Gritman Medical Center is closely monitoring our staffing and patient levels as a result of a continued dramatic increase in COVID-19 patients in our region, as well as the State of Idaho’s activation of Crisis Standards of Care (CSC) for all 10 northern Idaho counties.
The declaration Tuesday, Sept. 7, by the Idaho Department of Health and Welfare was the result of a request from Kootenai Health in Coeur d’Alene, the major medical center serving northern Idaho. Each hospital assesses its specific situation and Gritman Medical Center has not requested to activate Crisis Standards of Care at this time. Should it be necessary in the future, Gritman would consult with the Idaho Department of Health and Welfare regarding that decision.
Hospitals normally operate under Conventional Standards of Care, one of three levels on the continuum of care as defined by the state. Major emergencies and disasters such as the COVID-19 pandemic can stretch the health system to the point of Contingency Standards of Care – meaning available space, staff, supplies and standards of care can be evaluated on an ongoing basis. Gritman moved to Contingency Standards of Care early in the pandemic but has not had to move to Crisis Standards of Care at this time.
Gritman’s leadership teams monitor and report daily on the availability of inpatient beds, appropriate staffing, medicines, medical supplies, and equipment such as ventilators. Together these metrics make up the complicated equation of our hospital’s capacity.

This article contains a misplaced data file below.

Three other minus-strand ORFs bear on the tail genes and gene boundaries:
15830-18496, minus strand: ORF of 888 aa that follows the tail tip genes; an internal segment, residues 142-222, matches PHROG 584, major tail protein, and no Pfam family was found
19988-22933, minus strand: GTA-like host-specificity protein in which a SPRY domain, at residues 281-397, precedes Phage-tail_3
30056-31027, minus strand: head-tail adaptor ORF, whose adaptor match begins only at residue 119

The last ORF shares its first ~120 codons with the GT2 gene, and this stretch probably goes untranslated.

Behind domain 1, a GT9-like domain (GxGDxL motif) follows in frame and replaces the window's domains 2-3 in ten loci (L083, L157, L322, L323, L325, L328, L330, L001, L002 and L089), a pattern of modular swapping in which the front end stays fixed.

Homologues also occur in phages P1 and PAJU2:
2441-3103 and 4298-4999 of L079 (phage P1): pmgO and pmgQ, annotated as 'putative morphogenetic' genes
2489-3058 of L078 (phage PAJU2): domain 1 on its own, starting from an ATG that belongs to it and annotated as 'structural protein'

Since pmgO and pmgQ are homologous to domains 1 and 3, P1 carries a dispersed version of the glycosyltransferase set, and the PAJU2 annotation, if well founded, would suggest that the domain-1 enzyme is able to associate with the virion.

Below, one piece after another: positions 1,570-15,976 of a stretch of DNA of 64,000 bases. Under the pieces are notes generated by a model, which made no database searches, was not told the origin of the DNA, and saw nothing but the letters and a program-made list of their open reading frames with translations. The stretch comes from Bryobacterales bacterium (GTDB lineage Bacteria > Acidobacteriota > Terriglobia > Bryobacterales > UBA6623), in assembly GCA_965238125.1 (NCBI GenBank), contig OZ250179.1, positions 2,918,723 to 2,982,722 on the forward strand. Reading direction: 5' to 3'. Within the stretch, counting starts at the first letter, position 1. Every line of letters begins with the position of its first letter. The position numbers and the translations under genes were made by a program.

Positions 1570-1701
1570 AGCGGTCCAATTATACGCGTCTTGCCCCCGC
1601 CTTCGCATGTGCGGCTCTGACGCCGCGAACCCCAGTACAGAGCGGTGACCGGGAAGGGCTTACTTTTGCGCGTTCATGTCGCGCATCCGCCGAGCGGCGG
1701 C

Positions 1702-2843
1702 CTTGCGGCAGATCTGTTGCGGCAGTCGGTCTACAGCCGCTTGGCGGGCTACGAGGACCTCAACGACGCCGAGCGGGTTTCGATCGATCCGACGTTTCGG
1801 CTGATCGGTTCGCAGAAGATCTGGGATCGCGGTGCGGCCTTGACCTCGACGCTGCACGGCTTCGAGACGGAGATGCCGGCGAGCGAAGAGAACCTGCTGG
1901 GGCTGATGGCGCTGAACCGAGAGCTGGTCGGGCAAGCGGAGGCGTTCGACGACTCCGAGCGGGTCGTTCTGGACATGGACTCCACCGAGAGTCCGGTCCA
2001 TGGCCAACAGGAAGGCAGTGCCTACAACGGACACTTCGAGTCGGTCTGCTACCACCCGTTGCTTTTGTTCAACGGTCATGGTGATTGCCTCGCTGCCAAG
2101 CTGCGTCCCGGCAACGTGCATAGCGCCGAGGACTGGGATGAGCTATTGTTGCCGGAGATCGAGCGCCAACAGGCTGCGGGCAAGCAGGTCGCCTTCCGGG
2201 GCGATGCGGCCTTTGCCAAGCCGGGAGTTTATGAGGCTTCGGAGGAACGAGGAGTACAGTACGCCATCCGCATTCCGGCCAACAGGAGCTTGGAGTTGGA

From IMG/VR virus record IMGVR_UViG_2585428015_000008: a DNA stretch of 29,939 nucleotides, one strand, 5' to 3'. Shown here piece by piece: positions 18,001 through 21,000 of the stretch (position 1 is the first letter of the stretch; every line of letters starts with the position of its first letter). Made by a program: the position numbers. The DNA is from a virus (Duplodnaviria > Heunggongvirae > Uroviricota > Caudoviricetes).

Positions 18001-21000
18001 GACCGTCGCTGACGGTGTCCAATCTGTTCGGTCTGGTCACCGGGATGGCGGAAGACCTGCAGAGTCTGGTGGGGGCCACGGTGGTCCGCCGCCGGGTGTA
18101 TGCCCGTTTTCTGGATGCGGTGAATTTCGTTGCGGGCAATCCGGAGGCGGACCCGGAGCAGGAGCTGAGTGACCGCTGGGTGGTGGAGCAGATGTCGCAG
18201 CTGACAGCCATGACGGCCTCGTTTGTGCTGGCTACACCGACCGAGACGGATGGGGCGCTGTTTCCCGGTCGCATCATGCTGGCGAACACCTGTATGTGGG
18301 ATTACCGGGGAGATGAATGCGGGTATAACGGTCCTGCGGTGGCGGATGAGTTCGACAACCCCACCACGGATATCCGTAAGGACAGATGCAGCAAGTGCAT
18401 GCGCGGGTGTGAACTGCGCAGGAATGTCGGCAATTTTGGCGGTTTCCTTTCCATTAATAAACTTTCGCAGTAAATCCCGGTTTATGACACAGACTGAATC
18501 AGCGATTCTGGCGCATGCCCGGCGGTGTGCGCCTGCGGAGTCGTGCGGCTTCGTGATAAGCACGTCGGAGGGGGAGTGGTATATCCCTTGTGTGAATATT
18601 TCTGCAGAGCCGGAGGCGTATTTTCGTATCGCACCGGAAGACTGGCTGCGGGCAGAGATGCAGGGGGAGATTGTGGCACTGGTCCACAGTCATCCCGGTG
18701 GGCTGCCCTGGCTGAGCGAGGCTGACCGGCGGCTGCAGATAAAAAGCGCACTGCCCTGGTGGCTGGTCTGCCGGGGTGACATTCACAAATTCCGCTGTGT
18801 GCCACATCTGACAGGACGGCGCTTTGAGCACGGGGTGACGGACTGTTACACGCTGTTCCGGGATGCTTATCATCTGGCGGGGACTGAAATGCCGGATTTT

Several weeks ago, our teams foresaw the need to establish a dedicated COVID-19 patient care unit in our hospital. That unit has already been at capacity on several occasions in the past few weeks.
Gritman Medical Center, including our hospital and clinics, are open and safe for care. Please make your health a priority and do not defer getting the care you need. However, our medical staff are feeling the effects of the unprecedented surge in patients requiring care for COVID-19. This continued increase, overwhelmingly in patients who have not been vaccinated, is affecting our capacity as well as our ability to transfer patients for other types of care including emergencies and conditions not related to COVID-19.
The vast majority of our hospitalized and seriously ill COVID-19 patients are unvaccinated. The vaccines are helping prevent serious illness, hospitalization and death from the disease. We strongly recommend choosing to receive the vaccine to protect yourself. Wearing a mask, washing your hands, keeping social distance, and limiting gatherings with those from outside your immediate household are also proven to help slow the spread.
An FAQ with more details is available on the state’s website.